The Protestant Ascendancy refers to the political, economical, and social domination by a minority of Anglican landowners and Church of Ireland during the late 17th and 18th century. The Ascendancy discriminated against the majority Catholic population and the non-conforming Protestant denominations like the Presbyterians though the position of the Ascendancy depended on their status, and thus poor Protestants were also excluded politically and socially into the 1800s. In this article, I will closely examine the economic and political situation of Ireland during the Ascendancy and the discriminations Catholics endured. More importantly, I explore how the Protestant Ascendancy eventually spurred resistance movements from both the Catholics and Protestants, which lead to the Act of Union.
During this period, economic struggles were only aggravated by the exploitative legislations passed by the English parliament. The Navigation acts prohibited exporting goods to any English colony unless they were loaded in English ships. Tariffs were placed on Irish produce entering England, but exempted English goods from tariffs entering Ireland. The Woolen act restricted Ireland to export her woolen goods to any country and eventually lead thousands of weavers emigrating or left to starve. Ireland was also the major provider of food such as salted beef, pork, and butter for the English and the British Navy, yet were unable to feed half its population who were dying of hunger. These inequalities only worsened with the unfortunate successive cold winters, and the Irish faced a great famine in 1740, which was caused by a series of poor harvests. In addition, Catholics were pushed further down the economic ladder with the implementation of higher rents and payment of tithes to the Church of Ireland. By the late 18th century, attempts were made to create a more favorable trading relationship and in 1782, free trade was granted between Ireland and England. Ireland went through an economic boom into the 1780s; however, great economic disparities existed between the different areas, which were involved in the export of goods and others that were roadless and hardly developed.
The Catholic majority briefly ruled the country as Confederate Ireland during the mid 17th century until Oliver Cromwell re-conquered Ireland in 1649 on behalf of the English Commonwealth. As a result of the rebellion in 1641, the majority of the land owned by the Catholics was confiscated and allocated to British settlers. Followed by the Glorious Revolution, where James was deposed by the English Parliament and replaced by William of Orange, the Bill of rights was passed and stamped out all possibility of a Catholic monarchy. In essence, the move toward absolute monarchy was ended by restricting the monarch’s powers and made it no longer possible to suspend laws without the Parliament’s permission. Supporters of James were prepared to resist the force of arms and lead to the Jacobite uprising. However, with the Battle of the Boyne, James confidence to regain his throne was crumpled and marked the beginning of the Protestant Ascendancy.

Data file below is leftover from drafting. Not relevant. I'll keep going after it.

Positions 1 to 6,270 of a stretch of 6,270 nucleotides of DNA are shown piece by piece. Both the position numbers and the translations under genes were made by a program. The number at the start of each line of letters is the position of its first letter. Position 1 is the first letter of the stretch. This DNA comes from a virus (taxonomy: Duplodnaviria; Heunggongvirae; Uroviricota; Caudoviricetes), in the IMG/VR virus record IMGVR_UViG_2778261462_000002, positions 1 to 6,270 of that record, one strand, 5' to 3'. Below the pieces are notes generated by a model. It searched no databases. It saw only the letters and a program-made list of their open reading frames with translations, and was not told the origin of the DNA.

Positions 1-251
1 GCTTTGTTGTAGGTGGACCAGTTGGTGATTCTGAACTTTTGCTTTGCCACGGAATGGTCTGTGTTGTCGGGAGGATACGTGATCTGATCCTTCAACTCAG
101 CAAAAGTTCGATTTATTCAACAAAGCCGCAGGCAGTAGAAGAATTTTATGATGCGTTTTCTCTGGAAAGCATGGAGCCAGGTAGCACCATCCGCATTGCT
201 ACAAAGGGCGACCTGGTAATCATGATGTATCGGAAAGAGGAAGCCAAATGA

The Penal Laws were essentially passed to displace Catholicism as the major religion in Ireland. It is often argued whether, the Protestant Ascendency also aimed to convert the Catholics into Protestants; however, it is clear that it was more of an economic rationale. A large number of poor Protestants would mean a loss in income, because they were supported by the church tithes. By 1776, it was estimated that the Catholic land ownership in Ireland declined from 60% to 5%. There were cases of Catholics converting in order to keep family lands intact, though the vast majority of the populations were poor tenant farmers or laborers. Some attended Protestant services, as the law required, and celebrated Mass behind closed doors. Education was also not possible, thus Catholics were in some way forced into conversion if they wanted a better life.
In retaliation against the oppression, the Catholic peasantry organized into secret societies and inflicted covert punishments on Protestant landlords. Organization such as the Whiteboys and the Carders in particular adopted violent tactics to defend tenant farmer rights. It was common to see mutilating livestock, burning houses, and in rare cases beating and killing the aristocrats themselves. The actions performed by these groups were extremely violent; however, the Catholics believed it was a direct reflection of the horrors inflicted upon them. The Protestants responded by forming secret groups like the Peep o’Day boys, who paraded through Catholic areas to drive Catholics away from their homes. It is often claimed that the 1700s was not a bloody time in Ireland’s history; however, Ireland soil absorbed a great deal of blood prior and during the rebellion. During the early 18th century, the Penal laws were augmented and strictly enforced; however we can identify how they became relaxed or lightly enforced once the Protestant elites were comfortable with their position and not threatened by the existence of the Irish Catholic regiments.